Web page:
A critical analysis, withheld for months by the former administrators of the Dallas County Schools bus agency, has now been released to NBC 5 Investigates, suggesting crimes were committed in a deal that cost taxpayers millions of dollars.
The author of the report, former FBI agent Dennis Brady, didn't mince words, stating that
"ignorance" ... "incompetence" ... "negligence," and possibly "criminal conduct" contributed to the financial woes for the school bus agency.
The internal report, written last spring, was commissioned by the former board members for Dallas County Schools, in an attempt to determine whether crimes were committed in dealings between DCS and Force Multiplier Solutions, the company hired to equip school buses with security cameras.
"In our opinion, suitable predication may exist to support a potential federal investigation for ... 'program fraud' ... 'wire fraud'... 'mail fraud,' as well as related sections of the Texas Criminal Code," the report said.
The analysis goes beyond the central figures in the controversial dealings: former DCS superintendent Rick Sorrells, former board president Larry Duncan and Robert Leonard, owner of the camera company.
It also looks at other board members and DCS staff who may have received money from Force Multiplier, through Duncan, who received nearly a quarter of a million dollars in donations from people tied to the company. Duncan donated some of that money to other board members.
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"All members of the DCS board who received a share of these campaign contributions ... may be exposed to allegations of conspiracy," the report said.
Brady, who has since left the FBI and runs a private consulting company, was in his report critical of Duncan, who recently resigned from the board.
He said that documents he uncovered suggested Duncan was "opposed to ethics rules for public officials," and objected "to public disclosure requirements likely intended to prevent potential conflicts of interests for public officials."
Duncan, who could not be reached for comment for this report, has in the past told NBC 5 Investigates that all campaign donations he'd received were legal and ethical.
The report also said DCS officials may have made false statements while they tried to market the cameras to other school districts — actions the former FBI agent says may constitute wire and mail fraud.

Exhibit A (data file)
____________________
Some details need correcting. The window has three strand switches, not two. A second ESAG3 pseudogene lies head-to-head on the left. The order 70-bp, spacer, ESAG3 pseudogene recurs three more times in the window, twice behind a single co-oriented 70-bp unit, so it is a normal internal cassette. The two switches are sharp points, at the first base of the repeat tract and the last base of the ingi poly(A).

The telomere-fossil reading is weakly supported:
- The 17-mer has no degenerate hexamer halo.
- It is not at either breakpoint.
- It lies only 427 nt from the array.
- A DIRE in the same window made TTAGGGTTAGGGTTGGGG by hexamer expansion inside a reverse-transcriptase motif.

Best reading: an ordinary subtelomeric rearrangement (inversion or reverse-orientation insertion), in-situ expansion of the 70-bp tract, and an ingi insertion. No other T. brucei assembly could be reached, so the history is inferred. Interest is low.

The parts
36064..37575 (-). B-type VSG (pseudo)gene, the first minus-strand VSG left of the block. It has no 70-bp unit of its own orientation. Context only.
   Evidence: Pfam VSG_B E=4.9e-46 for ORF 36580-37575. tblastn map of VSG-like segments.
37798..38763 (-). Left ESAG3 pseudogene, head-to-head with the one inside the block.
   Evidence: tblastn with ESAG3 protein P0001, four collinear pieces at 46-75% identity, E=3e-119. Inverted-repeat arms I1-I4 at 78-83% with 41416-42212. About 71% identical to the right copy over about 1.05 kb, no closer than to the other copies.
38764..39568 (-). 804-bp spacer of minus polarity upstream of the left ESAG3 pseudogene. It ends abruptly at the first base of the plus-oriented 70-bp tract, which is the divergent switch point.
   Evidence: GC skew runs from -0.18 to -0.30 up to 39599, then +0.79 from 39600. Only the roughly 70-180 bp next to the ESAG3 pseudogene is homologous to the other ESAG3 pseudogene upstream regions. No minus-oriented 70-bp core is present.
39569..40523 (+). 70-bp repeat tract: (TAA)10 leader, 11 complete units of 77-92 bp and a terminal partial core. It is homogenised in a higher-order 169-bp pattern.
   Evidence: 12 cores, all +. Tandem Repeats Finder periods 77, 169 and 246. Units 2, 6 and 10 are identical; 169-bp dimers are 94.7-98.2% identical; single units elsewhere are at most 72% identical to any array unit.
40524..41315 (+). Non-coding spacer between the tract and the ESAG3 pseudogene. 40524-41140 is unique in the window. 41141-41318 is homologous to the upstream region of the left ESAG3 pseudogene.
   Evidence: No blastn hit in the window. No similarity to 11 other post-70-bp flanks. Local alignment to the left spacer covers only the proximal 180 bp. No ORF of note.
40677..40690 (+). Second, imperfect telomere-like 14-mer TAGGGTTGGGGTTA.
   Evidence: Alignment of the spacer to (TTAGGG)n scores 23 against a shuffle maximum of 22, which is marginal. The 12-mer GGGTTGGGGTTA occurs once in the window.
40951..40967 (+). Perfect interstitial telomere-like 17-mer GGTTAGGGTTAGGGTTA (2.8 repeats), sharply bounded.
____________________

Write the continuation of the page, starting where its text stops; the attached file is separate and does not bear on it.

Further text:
Reached by phone, Leonard told NBC 5 Investigates that mismanagement by DCS officials was the only reason the camera program failed. He said neither he, nor his company, did anything wrong.
Sorrells could not be reached for comment, but has previously said he also did nothing wrong.
A lot has happened since the study was completed.
Multiple state and federal investigations have begun, with the FBI executing search warrants at Force Multiplier offices in downtown Dallas and at Robert Leonard's home near New Orleans.
And DCS's board of directors held its final meeting earlier this week, days after frustrated Dallas County voters chose to shut down the century-old agency and return buses and several hundred crossing guards to North Texas school districts.
The school bus agency has for months attempted to keep the report secret, even after the Texas Attorney General's Office ruled that it was public information, and should be released to NBC 5.
The agency, at taxpayer expense, even sued the AG's office to block the release of the report.
But with the former board gone, Alan King, the new chief executive officer of the state-appointed committee overseeing the closure of the agency, said the report is something the public should know about.
King told NBC 5 Investigates that he hadn't even shared the report with the committee yet, but wanted to "make sure we are transparent, and hope we respond better in the future."